The outlaw AoE rotation with blade flurry scales very well because the outlaw AoE rotation is identical to its single target rotation. Anything that increases single target dps increases AoE dps. By contrast the subtlety and assassination AoE rotations are entirely distinct from the single target rotations using only a subset of the mechanics. Increasing envenom damage, envenom buff uptime, or cp builder damage had very little impact on assassination AoE damage and those mechanics tended to be where later buffs and set bonuses focused. Similarly for subtlety increasing FW uptime, dance uptime, or ambush damage, have a minor impact on AoE damage.
We have basically no information about AoE rotations but it is important to keep in mind during beta how each spec’s AoE rotation will scale mechanically. So long as outlaw keeps blade flurry in its current form I suspect it will out scale the other two specs without regular buffs.
One dev tweet yesterday mentioned anticipation and I believe entirely misses the issue with anticipation. I realize this is a single tweet and nuance may have been lost due to character constraints but I think it is important to be clear about the issues with anticipation balance for each spec since marked for death was added (the less said about the other talent on that tier the better).
Subtlety has the most interesting relationship with anticipation, while marked for death has been in theory competitive since the 6.0 actually achieving better dps results given the random and rapid combo point generation of HAT has eluded the rogue community. In practice trying to squeeze combo point builders into 1 GCD every 2-2.3 seconds approximately, is very difficult to do without accidentally losing a couple combo points. The relative competitiveness of anticipation for subtlety will likely not depend on the tuning of anticipation’s competitors but the tuning of the HAT replacement shadow techniques. The relative value of anticipation is also increased by higher combo point generation per ability so if shadow blades behaves as it did in MoP this may also push rogues toward anticipation.
Assassination has never favored marked for death due to its highly variable combo point generation. The change to seal fate increases the strength of anticipation. Using a 4+ rotation, as assassination rogues did pre-MoP, the potential combo point waste per finisher used at 3 cps is now crit_chance^2 higher than pre-MoP. This is a relatively minor effect, no more than 0.15 combo points additional waste in high gear levels but it will increase the value of anticipation. None of the changes to outlaw appear to make it more likely to take anticipation so it may continue to favor other talents. That said even for outlaw many players prefer anticipation due to increased quality of life which will likely continue to be true. The fundamental challenge with anticipation is the talent increases quality of life while providing a dps increase. Talents that are merely competitive are less likely to be chosen unless they offer comparable quality of life improvements.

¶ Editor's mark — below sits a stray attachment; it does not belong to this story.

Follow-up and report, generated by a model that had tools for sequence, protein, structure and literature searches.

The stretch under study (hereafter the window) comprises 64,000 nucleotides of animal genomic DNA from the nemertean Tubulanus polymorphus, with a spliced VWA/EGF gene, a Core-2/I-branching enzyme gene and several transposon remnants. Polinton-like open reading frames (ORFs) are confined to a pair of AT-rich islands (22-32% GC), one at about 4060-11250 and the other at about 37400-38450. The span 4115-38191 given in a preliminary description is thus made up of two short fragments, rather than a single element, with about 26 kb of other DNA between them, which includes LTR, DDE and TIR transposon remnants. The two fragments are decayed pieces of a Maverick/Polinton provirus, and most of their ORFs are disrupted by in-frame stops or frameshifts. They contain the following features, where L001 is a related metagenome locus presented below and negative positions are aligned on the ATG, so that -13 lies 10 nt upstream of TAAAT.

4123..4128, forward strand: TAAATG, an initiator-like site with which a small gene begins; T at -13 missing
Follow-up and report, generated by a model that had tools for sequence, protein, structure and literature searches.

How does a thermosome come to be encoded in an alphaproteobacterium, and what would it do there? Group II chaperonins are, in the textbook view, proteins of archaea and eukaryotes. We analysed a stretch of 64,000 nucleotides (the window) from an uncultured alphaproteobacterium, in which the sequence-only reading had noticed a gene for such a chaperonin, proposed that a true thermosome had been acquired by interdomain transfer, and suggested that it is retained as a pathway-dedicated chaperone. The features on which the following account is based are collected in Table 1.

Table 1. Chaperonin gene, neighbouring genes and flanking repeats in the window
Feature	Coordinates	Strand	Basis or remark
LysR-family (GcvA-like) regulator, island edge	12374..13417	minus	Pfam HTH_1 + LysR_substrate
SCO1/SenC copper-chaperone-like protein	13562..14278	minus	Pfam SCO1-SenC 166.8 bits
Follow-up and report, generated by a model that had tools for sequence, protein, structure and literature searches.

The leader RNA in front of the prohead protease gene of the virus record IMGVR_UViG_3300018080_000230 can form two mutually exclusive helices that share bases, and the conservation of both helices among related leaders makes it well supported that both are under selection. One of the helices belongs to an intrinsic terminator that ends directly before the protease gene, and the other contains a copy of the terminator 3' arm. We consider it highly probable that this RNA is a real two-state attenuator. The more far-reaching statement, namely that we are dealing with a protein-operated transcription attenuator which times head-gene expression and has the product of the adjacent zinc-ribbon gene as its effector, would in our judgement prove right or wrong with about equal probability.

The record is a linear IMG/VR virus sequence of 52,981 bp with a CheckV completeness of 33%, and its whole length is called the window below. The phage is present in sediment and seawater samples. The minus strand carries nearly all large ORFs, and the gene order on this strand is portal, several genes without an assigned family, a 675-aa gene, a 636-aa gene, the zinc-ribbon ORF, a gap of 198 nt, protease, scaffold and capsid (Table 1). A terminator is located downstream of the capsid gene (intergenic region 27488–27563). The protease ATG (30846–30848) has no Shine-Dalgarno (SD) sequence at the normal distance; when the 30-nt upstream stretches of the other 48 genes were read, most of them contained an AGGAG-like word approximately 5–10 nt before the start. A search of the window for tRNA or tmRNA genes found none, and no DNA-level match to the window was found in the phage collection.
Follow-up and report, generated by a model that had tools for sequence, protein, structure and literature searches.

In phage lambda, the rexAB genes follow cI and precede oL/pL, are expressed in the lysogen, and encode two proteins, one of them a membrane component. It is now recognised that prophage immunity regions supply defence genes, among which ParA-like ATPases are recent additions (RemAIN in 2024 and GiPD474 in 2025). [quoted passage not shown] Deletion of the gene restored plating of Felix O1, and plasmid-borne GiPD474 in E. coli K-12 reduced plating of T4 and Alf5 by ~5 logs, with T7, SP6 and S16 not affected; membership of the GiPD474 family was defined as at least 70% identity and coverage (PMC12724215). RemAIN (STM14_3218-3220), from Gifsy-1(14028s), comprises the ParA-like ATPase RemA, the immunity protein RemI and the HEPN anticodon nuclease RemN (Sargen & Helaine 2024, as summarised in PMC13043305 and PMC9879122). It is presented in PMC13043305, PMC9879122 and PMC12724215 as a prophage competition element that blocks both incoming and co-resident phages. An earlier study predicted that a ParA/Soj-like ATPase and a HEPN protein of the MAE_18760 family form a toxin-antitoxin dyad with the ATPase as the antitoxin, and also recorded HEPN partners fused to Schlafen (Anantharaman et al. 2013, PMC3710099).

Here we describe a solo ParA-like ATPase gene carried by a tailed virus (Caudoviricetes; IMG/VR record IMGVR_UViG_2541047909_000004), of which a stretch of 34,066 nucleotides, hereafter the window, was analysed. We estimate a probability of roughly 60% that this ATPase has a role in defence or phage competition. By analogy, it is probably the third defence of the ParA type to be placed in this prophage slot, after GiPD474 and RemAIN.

The New Subtlety Rotation
Since the Blizzcon announcement about subtlety I’ve been somewhat miffed about the changes to subtlety. The WoD subtlety spec, especially in T17, was a wonderful piece of design with difficulty that scaled with player desire for challenge, with appropriate dps rewards, and broadly embodied the design principle of easy to learn, hard to master. The new rotation doesn’t seem to do that nearly as well. The new rotation, in it’s base version, doesn’t seem to have any of the timing window based hooks the spec has relied on since Cata. As Blizzard keeps reminding us talents will change up the rotation but I’m somewhat skeptical of the new rotation’s potential for interesting mechanics.
Vendetta is Boring
Blizzard confirmed yesterday that vendetta would be sticking around for another expansion to defend it’s title of most boring dps cooldown. I hope Blizzard has something new in store for envenom (beyond the silly WoD cold blood perk) because vendetta is entirely unexciting in its current form. At the very least making the ability on the rogue rather than target locked would be a nice quality of life change.
For all the work Blizzard has done on spec identity one piece of information seems to be missing from the outlaw section, what mechanic is outlaw built around. With assassination we know that the spec mechanics are all about dots, poisons and bleeds, for subtlety it’s stealth and openers but for outlaw, no idea. The spec is supposed to be swashblucker/swordmaster but that doesn’t define a playstyle just an aesthetic theme. Strictly speaking there is no reason for a spec to need a mechanical theme, WoD subtlety for instance is all over the map but given all the discussion about defining the specs it seems like an odd oversight.
To that end the rotational sketch we get is very generic combo point system and basically the same as the live rotation. Sinister strike is now saber slash (at least we get to keep the same acronym), eviscerate is now run through. We’ve got a new proc mechanic with pistol shot and it looks like the spec has lost the cooldown centric cooldown reduction and bandit’s guile mechanics. Obviously talents will help flesh out the mechanics but unlike the other two specs there is little indication of what those talents will hook into or what kinds of mechanics the spec will emphasize.